Monday, April 30, 2018

Your Monday Moment of Hell Has Frozen Over

So thanks to a longtime reader who has far too kind a heart, I have just discovered an online archive of years and years worth of scanned issues of The Magazine Formerly Known as Stereo Review.

I am not gonna post the link, lest you access all sorts of my poor scribblings that now kind of make me a little queasy.

But starting today, I will, from time to time, be posting some pieces that I think hold up.

Exhibit A in that regard: From the January 1981 issue, please enjoy my thoughts on Bruce Springsteen's The River. I worked pretty hard on this one at the time, and I think it's both perceptive and fair.

Double click on the image and you'll be able to see it and read it in the same size as it appeared in the mag originally.

Damn, I'm guess gonna have to start thinking about doing that threatened book version of my greatest hits.

[h/t M. Hardy]


Blue Ash Fan said...

Interesting that you chose September 1982 as the deadline for his "degenerating into...self-parody." That very month he released "Nebraska." Self-parody avoided, if you ask me.

An excellent review, even if I disagreed mightily with parts of it.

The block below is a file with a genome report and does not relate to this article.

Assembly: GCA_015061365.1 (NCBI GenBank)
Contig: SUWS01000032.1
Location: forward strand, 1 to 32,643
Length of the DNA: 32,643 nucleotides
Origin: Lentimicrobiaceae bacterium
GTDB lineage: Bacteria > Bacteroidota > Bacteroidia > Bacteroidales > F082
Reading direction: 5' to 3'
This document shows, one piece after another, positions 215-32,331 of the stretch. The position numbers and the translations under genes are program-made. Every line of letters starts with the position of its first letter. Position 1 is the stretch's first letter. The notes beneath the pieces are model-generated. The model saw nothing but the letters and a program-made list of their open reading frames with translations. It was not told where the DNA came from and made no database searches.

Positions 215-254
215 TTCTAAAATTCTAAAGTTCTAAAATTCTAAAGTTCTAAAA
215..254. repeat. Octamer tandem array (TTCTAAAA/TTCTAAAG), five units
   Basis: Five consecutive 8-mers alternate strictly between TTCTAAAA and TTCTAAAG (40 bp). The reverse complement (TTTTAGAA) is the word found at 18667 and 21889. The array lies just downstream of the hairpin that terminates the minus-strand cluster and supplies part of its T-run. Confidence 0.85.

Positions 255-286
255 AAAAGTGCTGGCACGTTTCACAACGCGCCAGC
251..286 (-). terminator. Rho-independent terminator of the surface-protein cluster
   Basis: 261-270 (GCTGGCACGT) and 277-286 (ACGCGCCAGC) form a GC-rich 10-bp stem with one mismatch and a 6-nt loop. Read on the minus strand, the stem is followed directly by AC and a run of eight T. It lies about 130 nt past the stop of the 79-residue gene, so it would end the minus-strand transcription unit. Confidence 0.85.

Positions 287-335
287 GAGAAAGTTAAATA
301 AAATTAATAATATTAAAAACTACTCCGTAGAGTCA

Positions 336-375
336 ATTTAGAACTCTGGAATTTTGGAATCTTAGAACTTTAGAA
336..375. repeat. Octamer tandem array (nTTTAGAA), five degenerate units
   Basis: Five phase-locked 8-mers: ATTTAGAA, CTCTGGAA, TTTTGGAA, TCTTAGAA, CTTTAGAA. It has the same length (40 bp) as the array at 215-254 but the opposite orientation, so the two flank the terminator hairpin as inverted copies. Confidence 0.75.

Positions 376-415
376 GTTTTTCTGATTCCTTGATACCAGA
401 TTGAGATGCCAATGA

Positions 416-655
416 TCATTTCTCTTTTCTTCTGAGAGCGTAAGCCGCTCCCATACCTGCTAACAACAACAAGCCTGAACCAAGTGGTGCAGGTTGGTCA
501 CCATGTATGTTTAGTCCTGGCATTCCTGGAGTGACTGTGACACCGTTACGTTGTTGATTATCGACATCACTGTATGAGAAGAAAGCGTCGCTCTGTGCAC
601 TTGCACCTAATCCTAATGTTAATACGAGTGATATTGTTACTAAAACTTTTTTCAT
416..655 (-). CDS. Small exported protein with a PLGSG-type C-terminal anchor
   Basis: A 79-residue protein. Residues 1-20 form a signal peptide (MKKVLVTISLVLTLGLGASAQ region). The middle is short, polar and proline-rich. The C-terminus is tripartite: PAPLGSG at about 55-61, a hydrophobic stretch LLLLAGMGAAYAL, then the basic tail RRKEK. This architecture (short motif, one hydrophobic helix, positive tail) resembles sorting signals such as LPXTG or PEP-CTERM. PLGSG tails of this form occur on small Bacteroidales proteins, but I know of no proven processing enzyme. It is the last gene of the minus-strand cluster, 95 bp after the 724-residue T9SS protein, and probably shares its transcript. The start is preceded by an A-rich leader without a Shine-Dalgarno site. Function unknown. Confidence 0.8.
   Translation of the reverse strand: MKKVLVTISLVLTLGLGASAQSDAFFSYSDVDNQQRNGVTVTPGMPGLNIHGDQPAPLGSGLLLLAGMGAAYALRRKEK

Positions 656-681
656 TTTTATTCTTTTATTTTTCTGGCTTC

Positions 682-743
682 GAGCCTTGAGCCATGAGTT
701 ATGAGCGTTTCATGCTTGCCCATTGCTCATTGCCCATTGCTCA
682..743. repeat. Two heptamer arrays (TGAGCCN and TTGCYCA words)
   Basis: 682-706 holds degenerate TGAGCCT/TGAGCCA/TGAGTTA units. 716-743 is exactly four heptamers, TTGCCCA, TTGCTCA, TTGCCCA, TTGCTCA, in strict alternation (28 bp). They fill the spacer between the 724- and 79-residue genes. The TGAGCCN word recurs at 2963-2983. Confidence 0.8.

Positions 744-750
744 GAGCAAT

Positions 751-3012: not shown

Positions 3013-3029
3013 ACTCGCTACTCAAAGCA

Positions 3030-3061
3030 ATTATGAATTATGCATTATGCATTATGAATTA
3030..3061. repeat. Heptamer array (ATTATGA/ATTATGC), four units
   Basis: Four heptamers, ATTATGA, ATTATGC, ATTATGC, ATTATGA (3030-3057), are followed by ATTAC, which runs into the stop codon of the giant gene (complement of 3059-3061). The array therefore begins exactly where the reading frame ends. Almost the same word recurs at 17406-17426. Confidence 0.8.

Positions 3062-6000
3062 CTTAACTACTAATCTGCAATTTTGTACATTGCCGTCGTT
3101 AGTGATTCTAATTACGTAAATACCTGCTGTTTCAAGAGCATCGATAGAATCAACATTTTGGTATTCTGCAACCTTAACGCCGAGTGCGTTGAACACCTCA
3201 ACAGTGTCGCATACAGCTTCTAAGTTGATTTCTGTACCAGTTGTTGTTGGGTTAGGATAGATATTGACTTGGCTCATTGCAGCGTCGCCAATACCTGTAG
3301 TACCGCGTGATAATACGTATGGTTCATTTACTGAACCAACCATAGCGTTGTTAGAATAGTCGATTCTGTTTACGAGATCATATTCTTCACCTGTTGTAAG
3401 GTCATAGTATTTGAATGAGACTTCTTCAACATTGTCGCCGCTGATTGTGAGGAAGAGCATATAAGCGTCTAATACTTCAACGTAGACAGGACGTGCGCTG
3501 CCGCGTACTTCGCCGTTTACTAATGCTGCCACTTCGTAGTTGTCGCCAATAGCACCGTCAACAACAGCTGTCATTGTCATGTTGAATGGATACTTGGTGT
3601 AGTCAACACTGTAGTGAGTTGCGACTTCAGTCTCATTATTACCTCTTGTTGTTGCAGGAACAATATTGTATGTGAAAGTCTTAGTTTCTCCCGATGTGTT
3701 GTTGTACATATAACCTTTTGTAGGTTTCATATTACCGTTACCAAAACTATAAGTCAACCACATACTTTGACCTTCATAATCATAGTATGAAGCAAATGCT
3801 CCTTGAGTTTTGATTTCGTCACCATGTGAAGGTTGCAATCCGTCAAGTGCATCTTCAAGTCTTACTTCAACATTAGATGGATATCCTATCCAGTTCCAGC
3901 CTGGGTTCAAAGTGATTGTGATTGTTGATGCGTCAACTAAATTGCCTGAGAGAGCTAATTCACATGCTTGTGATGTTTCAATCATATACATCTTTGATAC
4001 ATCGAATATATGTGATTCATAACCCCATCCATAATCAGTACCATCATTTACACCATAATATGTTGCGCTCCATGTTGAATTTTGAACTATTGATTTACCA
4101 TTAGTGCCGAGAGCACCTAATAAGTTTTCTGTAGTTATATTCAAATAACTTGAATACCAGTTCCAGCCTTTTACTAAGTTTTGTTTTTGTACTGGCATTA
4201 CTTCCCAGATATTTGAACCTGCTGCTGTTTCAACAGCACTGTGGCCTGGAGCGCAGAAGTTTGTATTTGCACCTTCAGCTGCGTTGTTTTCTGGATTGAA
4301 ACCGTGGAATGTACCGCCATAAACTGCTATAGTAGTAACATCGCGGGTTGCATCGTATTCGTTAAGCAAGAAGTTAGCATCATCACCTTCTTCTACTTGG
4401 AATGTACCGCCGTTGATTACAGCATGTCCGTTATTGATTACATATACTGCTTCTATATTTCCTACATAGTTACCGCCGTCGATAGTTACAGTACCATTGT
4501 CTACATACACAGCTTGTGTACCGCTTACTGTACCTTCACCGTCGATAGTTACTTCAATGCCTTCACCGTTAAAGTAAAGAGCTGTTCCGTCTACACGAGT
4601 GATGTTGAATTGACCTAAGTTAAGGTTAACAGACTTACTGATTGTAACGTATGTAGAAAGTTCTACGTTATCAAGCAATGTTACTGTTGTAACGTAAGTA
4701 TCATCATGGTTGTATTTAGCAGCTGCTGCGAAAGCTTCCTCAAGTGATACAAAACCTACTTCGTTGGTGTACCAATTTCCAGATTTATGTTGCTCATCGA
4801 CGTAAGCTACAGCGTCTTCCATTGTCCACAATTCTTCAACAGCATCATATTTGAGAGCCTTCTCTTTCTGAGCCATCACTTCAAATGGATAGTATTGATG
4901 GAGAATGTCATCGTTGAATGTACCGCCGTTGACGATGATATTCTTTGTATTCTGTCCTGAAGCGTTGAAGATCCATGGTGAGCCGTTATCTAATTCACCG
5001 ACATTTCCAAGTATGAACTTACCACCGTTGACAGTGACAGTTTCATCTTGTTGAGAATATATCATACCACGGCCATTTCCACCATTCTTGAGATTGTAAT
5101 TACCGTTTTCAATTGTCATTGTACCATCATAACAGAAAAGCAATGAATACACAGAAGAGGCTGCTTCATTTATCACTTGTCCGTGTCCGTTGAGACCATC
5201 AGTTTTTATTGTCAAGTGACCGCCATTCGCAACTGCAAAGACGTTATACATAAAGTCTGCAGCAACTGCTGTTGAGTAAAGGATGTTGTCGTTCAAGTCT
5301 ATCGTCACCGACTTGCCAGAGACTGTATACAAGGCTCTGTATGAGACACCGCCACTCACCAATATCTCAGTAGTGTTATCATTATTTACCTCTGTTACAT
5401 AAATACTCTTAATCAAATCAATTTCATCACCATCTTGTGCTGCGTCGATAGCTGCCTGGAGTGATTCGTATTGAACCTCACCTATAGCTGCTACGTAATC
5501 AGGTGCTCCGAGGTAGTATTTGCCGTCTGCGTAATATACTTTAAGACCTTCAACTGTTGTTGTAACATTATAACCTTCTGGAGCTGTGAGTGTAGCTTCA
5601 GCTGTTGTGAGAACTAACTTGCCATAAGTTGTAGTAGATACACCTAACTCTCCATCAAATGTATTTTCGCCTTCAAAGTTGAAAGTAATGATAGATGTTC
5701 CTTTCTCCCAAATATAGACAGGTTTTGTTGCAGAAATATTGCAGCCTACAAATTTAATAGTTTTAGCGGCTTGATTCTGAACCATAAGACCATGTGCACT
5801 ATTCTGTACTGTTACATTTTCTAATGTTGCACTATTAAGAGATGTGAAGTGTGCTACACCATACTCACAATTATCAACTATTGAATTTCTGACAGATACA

Also, given this treasure trove now at your fingertips, if you don't post your Tonio K. reviews here, you're really selling yourself short.

steve simels said...

I was kinda amazed at my prescience about Nebraska's release date, actually.

Mark said...

If "perceptive and fair" means giving Springsteen fans and those unfamiliar with Springsteen - and even those who didn't care for Springsteen prior to THE RIVER - a way to look at this album, and many things to consider about the album (and Springsteen himself), and the difference between production and music, and expectations of musician-artists in the short run as well as the long run, and so much more in such a small space, then yes. This review is perceptive and fair. And it's still a sweet read.

If Zappa did say that the definition of rock journalism is, "People who can't write, doing interviews with people who can't think, in order to prepare articles for people who can't read," then you, Steve, are the exception that proves the rule, even if Zappa's remark was just a Whole Lotta Snark.

Ken J Xenozar said...

My only comment. The paragraph with "What made Springsteen's earlier songs hit so hard..." is one of the finest summaries of his work I have ever read.